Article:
Tuesday, Aug. 2nd 2011

Practice ideas?

Veterinary Alternatives August 2011 Newsletter

This month will be a little different format. I’m hoping many of you who receive this newsletter will respond to it, whether I have been treating your pets recently or not.


I am in the very beginning process of making plans for a full-service pet health center. The working name is Whole Health Pet Center and I plan to join with a conventional practice in this venture so we can offer all different medical services to our patients. Clients will have the choice of a conventional vet as their primary doctor, with holistic services proposed when appropriate, or they can have me as their primary doctor with conventional services as needed. We will share clients and refer back and forth as appropriate for their condition and needs. I will also be performing acupuncture and other treatments on surgical and hospitalized patients on the conventional side of the practice. I hope to also offer a good selection of supplements, herbs, and natural products such as shampoos and ear cleaners. A line of good quality organic food is an option. I hope to find a pet physical therapist and massage therapist to include in the practice as well. My plan is to become certified in veterinary chiropractic care within the coming year.


Why am I telling you this? I want your ideas and suggestions! What is YOUR vision for a perfect veterinary practice? What aspects of veterinary clinics that you are familiar with have you really appreciated? What aspects do you find distasteful or off-putting? If you could design your ideal veterinary clinic, what would it look like? Sound like? Smell like? Do you think a veterinary clinic should or should not have groomers or boarding facilities?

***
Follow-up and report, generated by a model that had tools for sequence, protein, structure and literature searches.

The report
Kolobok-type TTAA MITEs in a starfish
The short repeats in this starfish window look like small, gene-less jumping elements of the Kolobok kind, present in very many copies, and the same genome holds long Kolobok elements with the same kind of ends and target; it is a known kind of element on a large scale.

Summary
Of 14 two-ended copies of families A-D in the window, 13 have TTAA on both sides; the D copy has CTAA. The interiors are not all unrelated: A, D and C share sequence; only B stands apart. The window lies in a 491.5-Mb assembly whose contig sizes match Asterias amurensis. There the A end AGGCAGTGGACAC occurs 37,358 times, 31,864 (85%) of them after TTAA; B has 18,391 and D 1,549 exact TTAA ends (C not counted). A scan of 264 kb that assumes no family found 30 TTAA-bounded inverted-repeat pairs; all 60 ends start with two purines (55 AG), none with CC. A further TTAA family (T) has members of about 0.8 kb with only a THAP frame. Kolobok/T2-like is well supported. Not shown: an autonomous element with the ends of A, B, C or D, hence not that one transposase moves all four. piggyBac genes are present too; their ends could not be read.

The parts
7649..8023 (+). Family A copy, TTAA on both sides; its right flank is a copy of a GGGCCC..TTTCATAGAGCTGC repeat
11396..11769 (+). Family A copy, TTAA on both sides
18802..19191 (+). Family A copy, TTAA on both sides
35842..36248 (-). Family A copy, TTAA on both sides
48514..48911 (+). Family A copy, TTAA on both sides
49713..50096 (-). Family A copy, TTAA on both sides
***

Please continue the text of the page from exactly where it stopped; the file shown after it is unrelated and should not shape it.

My vision for this practice is one that provides amazing service. Low waiting times, comfortable waiting room with beverages offered. Soft colors, music, aromatherapy. Staff that greets you and your pet by name with a smile. Services that go above and beyond the average. Medical and surgical standards that meet those of our human counterparts (in other words, pain medication and surgical monitoring equipment will NOT be optional as it is in some clinics—it will be standard). Cleanliness will be of utmost importance. Staff will be part of the care team for your pet—everyone will have their contribution to make and a clean kennel and good phone service will be just as important as the exam and diagnosis.


I don’t promise to include all the ideas I receive. I don’t promise to include any of them. But I want to hear them—as a veterinarian I don’t always have the same impression of clinics I visit as their clients do. Think of all the clinics you have taken pets to over the years and tell me your experiences—what did you like and what did you not like? How far would you drive to have your pet treated at a clinic like this? While I will still be doing some house-calls, especially at first, I hope to gradually phase most of them out so that I can see more patients in less time. I expect it will be 2-3 years before this vision becomes reality.


I hope to receive lots of feedback on this—feel free to forward this newsletter to your friends if you feel they might enjoy participating. Consider this market research—you have the chance to influence a business and help shape it into one you would enjoy visiting. I promise to read every e-mail I receive—put “Whole Health Pet Center ideas” in the subject line, please.

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Whole Health Pet Center
18011 E St. Rte 58
Raymore, MO 64083

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